Black Holes Don’t Make Big Splash

Throughout the universe, tucked inside galaxies far away, giant black holes are pairing up and merging. As the massive bodies dance around each other in close embraces, they send out gravitational waves that ripple space and time themselves, even as the waves pass right through the planet Earth, NASA said in a press release.

Scientists know these waves, predicted by Albert Einstein’s theory of relativity, exist, but have yet to directly detect one. In the race to catch the waves, one strategy — called pulsar-timing arrays — has reached a milestone not through detecting any gravitational waves, but in revealing new information about the frequency and strength of black hole mergers.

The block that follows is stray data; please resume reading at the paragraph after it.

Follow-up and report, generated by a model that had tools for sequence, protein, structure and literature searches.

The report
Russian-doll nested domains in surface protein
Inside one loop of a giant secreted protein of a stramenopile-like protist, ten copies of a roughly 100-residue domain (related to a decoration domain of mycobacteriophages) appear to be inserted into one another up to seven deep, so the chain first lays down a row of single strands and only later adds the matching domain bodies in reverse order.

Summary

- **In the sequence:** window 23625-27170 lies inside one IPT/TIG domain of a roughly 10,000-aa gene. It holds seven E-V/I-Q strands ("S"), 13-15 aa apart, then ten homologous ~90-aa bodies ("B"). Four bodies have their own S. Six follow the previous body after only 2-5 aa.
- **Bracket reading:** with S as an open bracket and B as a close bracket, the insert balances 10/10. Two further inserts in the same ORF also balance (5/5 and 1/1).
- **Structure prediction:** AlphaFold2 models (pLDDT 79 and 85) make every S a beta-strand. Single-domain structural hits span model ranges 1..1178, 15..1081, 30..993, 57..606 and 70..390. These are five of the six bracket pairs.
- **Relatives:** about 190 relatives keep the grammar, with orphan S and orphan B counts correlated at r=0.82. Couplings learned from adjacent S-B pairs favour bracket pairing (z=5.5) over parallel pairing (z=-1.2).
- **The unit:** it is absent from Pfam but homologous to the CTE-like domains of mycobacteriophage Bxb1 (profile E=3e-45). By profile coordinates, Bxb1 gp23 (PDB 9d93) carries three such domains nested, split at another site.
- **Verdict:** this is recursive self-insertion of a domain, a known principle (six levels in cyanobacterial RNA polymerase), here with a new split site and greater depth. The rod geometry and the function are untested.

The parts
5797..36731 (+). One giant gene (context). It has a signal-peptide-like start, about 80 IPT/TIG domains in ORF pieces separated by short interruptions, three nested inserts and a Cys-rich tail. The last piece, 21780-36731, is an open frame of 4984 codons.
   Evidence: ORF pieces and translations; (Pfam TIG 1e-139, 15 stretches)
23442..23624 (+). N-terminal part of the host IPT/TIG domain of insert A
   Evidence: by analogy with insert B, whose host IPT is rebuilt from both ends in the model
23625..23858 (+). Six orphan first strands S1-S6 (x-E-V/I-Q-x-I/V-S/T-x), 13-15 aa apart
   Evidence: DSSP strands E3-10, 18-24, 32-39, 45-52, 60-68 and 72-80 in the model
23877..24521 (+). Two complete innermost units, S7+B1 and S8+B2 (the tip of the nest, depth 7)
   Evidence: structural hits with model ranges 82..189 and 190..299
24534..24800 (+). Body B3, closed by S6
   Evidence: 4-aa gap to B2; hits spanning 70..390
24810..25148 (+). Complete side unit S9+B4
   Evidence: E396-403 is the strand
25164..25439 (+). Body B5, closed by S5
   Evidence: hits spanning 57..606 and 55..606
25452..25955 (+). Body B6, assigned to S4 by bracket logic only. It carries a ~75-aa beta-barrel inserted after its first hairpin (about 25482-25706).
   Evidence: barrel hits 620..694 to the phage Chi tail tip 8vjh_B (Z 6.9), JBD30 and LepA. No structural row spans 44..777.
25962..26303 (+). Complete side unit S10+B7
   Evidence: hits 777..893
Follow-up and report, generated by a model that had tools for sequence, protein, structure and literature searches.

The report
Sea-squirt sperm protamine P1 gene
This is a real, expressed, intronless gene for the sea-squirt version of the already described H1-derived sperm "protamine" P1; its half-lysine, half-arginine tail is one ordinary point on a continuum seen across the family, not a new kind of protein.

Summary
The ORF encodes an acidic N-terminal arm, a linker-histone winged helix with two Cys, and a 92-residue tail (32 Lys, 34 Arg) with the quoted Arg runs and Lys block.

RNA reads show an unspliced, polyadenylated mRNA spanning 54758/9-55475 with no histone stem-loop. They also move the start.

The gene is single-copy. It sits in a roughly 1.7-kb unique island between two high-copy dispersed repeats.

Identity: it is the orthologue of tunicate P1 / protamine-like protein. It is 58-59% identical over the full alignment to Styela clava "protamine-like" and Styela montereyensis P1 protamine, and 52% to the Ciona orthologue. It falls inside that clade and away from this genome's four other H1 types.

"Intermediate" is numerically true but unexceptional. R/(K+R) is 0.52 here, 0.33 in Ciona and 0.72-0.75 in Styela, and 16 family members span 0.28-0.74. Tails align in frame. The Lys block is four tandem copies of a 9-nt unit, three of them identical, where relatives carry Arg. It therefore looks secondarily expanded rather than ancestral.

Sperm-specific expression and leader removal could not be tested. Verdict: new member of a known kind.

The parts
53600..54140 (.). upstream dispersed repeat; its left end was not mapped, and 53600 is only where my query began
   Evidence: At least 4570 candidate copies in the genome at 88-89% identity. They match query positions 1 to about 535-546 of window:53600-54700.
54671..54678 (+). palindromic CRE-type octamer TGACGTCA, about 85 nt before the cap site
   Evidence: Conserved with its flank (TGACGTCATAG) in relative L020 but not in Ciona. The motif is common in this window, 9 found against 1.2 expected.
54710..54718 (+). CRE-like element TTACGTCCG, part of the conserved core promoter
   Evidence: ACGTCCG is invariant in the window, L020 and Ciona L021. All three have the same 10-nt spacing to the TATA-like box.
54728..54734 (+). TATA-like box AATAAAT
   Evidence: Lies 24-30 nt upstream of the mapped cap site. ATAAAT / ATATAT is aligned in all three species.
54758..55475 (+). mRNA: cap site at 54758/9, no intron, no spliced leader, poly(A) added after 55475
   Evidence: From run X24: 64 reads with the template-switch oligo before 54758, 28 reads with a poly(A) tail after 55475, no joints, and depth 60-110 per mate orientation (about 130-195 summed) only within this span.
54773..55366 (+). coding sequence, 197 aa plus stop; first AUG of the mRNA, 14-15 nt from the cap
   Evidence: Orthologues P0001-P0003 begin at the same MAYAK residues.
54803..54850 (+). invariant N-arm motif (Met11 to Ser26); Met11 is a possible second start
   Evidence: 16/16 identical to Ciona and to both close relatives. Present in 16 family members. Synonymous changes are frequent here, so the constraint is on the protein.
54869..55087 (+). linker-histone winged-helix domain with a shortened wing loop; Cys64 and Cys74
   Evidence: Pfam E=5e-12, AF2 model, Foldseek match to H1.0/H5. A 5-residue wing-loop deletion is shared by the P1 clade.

Merging black holes ripple space and time in the artist’s conception above.

“We expect that many gravitational waves are passing through us all the time, and now we have a better idea of the extent of this background activity,” said Sarah Burke-Spolaor of the California Institute of Technology in Pasadena, California, co-author of a new Science paper.

Gravitational waves, if detected, would reveal more information about black holes as well as one of the four fundamental forces of nature: gravity.

The recent results came from the Commonwealth Scientific and Industrial Research Organization’s Parkes radio telescope in eastern Australia. The study was jointly led by Ryan Shannon of CSIRO and Vikram Ravi of the University of Melbourne and CSIRO.

For more on the hunt for gravitational waves, see the NASA press release.

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